Category Archives: Advice Posts
Up until this year, all SJ small-sided matches were staffed with single referees. Occasionally, full-sided matches would also have a single referee. Even with the use of full crews on many small-sided matches this year, we may still find ourself working a match as the only appointed certified official. In addition, occasionally, a crew member does not show or is injured and there may only be two appointed referees present. In these situations, we use club lines people. A club lines person is a volunteer from the spectators present who assists the referee with ball off the field decisions. Read the rest of this entry
We have an obligation to know and apply the Laws of the Game (LOTG). It is helpful to know that the historical role of the referee was to be the independent judge to whom the teams would “refer” any disagreement. The expectation in the middle of the nineteenth century was that gentlemen (organized sports being the province of the privileged) should be able to play a game with minimal involvement of the judge.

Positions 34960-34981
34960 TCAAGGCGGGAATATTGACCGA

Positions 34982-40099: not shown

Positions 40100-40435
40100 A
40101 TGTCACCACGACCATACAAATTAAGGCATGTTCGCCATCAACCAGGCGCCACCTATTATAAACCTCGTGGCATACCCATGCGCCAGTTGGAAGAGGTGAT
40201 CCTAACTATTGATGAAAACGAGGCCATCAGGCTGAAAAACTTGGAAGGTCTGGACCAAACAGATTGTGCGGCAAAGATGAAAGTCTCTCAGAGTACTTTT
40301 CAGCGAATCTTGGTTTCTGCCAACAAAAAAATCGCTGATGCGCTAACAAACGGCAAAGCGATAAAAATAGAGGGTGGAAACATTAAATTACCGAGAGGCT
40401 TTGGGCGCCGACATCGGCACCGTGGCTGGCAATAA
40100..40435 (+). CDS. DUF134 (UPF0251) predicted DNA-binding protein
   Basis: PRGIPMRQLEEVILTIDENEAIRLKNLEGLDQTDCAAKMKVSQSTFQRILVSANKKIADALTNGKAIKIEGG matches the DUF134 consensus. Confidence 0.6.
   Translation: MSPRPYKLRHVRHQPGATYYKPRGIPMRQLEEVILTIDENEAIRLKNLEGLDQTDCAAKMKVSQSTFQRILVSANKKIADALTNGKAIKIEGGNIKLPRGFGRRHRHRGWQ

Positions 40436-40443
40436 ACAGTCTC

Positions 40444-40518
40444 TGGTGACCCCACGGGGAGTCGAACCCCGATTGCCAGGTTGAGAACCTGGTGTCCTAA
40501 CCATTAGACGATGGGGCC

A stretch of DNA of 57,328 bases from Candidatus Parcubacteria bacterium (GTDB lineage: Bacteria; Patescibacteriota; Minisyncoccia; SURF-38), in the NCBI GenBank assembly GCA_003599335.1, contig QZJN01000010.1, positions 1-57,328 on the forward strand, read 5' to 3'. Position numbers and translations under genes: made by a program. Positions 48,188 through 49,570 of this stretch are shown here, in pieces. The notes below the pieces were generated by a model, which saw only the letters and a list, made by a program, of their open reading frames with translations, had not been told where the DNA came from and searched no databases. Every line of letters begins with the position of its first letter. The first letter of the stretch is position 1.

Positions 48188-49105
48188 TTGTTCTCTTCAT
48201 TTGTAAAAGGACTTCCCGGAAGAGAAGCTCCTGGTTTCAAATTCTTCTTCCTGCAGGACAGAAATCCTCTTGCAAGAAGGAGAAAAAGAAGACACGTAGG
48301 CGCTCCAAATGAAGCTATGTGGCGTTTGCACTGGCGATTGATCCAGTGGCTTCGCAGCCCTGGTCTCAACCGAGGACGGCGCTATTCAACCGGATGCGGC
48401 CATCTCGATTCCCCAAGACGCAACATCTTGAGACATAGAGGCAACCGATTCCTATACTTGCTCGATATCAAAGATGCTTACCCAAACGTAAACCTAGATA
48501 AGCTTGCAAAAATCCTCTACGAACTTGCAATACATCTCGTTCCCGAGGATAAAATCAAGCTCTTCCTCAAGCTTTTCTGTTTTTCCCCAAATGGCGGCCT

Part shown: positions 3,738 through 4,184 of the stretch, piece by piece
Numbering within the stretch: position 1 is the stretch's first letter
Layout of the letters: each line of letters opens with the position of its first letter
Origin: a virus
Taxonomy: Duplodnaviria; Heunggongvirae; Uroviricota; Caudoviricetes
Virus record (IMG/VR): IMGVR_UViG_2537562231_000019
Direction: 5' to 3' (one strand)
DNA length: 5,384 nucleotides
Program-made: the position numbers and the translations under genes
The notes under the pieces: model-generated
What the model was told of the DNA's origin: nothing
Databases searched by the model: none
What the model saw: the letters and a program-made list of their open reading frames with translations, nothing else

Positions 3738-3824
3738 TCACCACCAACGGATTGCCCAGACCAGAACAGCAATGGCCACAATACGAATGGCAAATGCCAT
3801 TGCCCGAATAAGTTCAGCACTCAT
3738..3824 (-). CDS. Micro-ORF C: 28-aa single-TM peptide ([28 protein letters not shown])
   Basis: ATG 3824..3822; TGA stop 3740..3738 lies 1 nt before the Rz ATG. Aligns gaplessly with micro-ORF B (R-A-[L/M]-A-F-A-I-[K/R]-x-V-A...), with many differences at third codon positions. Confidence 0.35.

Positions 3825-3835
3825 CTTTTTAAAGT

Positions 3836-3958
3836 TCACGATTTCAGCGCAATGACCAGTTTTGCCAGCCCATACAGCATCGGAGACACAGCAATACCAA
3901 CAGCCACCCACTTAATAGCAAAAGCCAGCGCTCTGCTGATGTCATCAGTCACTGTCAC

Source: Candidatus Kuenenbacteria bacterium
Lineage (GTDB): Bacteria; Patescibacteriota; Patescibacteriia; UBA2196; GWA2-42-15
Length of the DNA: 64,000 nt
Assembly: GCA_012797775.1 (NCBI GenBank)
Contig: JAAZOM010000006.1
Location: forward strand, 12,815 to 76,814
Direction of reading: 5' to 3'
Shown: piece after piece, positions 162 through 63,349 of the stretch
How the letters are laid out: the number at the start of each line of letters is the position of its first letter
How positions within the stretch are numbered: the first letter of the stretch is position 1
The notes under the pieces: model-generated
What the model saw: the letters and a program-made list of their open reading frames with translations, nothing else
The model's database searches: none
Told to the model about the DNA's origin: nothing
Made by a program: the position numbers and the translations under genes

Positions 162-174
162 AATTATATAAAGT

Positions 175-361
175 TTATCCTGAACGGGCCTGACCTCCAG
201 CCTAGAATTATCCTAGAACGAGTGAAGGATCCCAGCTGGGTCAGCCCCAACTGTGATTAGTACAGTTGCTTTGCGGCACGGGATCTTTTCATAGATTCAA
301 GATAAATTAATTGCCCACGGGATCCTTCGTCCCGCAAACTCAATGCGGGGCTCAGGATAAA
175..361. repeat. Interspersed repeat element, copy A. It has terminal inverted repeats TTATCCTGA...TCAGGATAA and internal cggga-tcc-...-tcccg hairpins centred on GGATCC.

Over time, this role began to be referred to (no pun intended) as the “referee” (well, maybe a little intended). And over time, unfortunately, the need for the referee became greater. That the referee is still the person that gets involved (or interferes, as a coach might put it) only as necessary is embedded in the Laws of the Game in concepts such as “trifling offenses”, “advantage”, and “if in the opinion of the referee”. This last term, commonly designated IITOOTR, is to give the referee the leeway to NOT get involved when it is appropriate, or get MORE involved when it is necessary.